Cody Hayes

Cody Hayes; All images courtesy of Frank and Alicia Hayes

Fighting for Life: A Tribute to Cody Hayes
| published September 28, 2015 |

By Jennifer Walker-James, Thursday Review features writer

They say you never know how strong you really are until being strong is the only choice you have. And just like the vessels that carry it, strength itself, comes in many different shapes and forms. Sometimes, the greatest amount of strength is carried within the tiniest of packages. And it is often that we call the sources of this strength our hero. Everyone has one. But not everyone gets to meet them. Frank and Alicia Hayes not only got to meet their hero; they gave birth to him.

September is Childhood Cancer Awareness month. This month, alone, over 14,000 children across America will be diagnosed with some form of cancer; every 3 minutes, a set of parents will hear the devastating news that no mother or father should ever have to hear. According to the National Cancer Institute’s website, approximately 1 in 285 children in the U.S. will be diagnosed with cancer before their 20th birthday. It remains the leading cause of death by disease for children in America.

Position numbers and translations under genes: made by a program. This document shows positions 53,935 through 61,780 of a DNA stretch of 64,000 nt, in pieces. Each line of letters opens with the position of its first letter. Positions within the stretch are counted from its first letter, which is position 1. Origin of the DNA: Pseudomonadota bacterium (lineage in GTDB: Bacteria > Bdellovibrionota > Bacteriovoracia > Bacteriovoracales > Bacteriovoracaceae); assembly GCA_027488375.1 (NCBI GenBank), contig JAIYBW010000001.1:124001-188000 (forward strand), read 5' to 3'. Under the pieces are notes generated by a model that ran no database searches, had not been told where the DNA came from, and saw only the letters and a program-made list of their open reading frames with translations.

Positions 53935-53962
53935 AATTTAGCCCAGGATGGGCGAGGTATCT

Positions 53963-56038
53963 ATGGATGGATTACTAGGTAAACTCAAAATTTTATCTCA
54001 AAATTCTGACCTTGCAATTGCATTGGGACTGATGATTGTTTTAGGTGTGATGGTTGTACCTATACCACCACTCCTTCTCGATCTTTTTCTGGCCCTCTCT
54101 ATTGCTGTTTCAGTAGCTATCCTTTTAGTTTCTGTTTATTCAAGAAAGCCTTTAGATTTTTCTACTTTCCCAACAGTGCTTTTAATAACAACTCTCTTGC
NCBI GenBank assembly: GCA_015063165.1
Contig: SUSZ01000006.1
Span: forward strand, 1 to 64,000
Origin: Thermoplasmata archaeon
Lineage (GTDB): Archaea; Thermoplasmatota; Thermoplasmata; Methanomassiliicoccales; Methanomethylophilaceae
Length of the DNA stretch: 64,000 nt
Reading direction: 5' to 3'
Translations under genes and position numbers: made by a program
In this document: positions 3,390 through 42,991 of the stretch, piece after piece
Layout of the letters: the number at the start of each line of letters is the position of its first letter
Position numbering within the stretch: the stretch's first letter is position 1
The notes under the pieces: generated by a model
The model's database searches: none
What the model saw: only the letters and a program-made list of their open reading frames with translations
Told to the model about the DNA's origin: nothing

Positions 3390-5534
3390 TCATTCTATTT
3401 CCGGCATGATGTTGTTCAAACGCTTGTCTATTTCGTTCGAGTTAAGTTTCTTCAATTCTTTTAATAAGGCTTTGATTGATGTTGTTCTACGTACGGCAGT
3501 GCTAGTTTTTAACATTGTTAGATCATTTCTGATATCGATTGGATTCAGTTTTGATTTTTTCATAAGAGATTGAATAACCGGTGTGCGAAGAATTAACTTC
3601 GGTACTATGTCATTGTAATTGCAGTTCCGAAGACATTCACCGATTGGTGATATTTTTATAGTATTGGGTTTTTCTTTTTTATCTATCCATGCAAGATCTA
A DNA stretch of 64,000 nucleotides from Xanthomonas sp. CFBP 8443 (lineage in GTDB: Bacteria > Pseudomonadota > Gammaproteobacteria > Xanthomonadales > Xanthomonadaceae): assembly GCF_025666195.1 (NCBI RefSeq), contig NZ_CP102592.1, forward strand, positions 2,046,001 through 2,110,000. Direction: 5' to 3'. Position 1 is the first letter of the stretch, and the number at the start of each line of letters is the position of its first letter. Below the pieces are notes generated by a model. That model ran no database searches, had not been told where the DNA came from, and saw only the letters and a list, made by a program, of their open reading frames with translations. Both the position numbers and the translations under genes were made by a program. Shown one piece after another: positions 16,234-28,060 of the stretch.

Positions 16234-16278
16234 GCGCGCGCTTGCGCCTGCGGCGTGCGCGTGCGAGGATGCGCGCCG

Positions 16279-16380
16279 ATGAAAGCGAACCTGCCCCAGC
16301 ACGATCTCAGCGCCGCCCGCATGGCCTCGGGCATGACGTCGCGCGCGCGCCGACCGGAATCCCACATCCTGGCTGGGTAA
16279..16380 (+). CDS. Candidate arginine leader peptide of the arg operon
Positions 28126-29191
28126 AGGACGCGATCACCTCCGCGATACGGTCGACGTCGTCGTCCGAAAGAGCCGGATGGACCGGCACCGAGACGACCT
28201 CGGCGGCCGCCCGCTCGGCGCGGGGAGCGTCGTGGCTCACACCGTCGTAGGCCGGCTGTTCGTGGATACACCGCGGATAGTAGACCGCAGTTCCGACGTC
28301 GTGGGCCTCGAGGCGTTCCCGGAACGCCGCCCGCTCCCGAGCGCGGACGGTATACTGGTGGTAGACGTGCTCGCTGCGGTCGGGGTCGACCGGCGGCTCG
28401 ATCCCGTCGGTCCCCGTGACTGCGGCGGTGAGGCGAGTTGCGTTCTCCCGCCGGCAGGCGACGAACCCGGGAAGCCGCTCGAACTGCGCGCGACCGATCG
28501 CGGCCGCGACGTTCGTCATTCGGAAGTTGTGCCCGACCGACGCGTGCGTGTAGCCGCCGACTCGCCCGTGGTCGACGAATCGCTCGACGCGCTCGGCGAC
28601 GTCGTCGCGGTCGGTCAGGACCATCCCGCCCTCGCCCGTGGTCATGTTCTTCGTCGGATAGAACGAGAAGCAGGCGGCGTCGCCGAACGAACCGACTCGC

Reading the statistics, one may still be thinking that this type of thing only happens to other people—and that it’ll never affect them. Once upon a time, this was the case for Frank and Alicia Hayes. Never in their wildest dreams did they ever imagine that this horrible monster would ever affect them, let alone, take away their only son, Cody, just three weeks after his 17th birthday. In honor of their son, Frank and Alicia have come forward to share Cody’s story in hopes that it will promote further awareness of the deadly disease known as cancer.

Before his diagnosis, Cody was a typical sixteen year old boy from the sleepy, breeze-through southern town of Ashford, Alabama. He played football for the Ashford High School Yellow Jackets up until his junior year when he decided to take some time off before returning to the field his senior year—one of Cody’s many plans that would never see fruition. He also played baseball. His jersey, Number 6, was often used synonymously when referencing his campaign against cancer. His favorite team was the University of Alabama Crimson Tide. His favorite sunglasses were Ray-Bans. And his favorite people, of course, were his friends—of those he had plenty. But more than anything, Cody loved God and his family.

October, 2013 started out like any other for the young Ashford High School junior, but by the end of the first week, life would take a drastic turn for Cody and his family when he was diagnosed with Acute Myeloid Leukemia. In the blink of an eye, the Hayes family was no longer reading the statistics of childhood cancer; they were living them.

Mowing yards for extra cash, Cody nor his parents weren’t surprised when he first started showing symptoms which were very consistent with allergies or a possible sinus infection.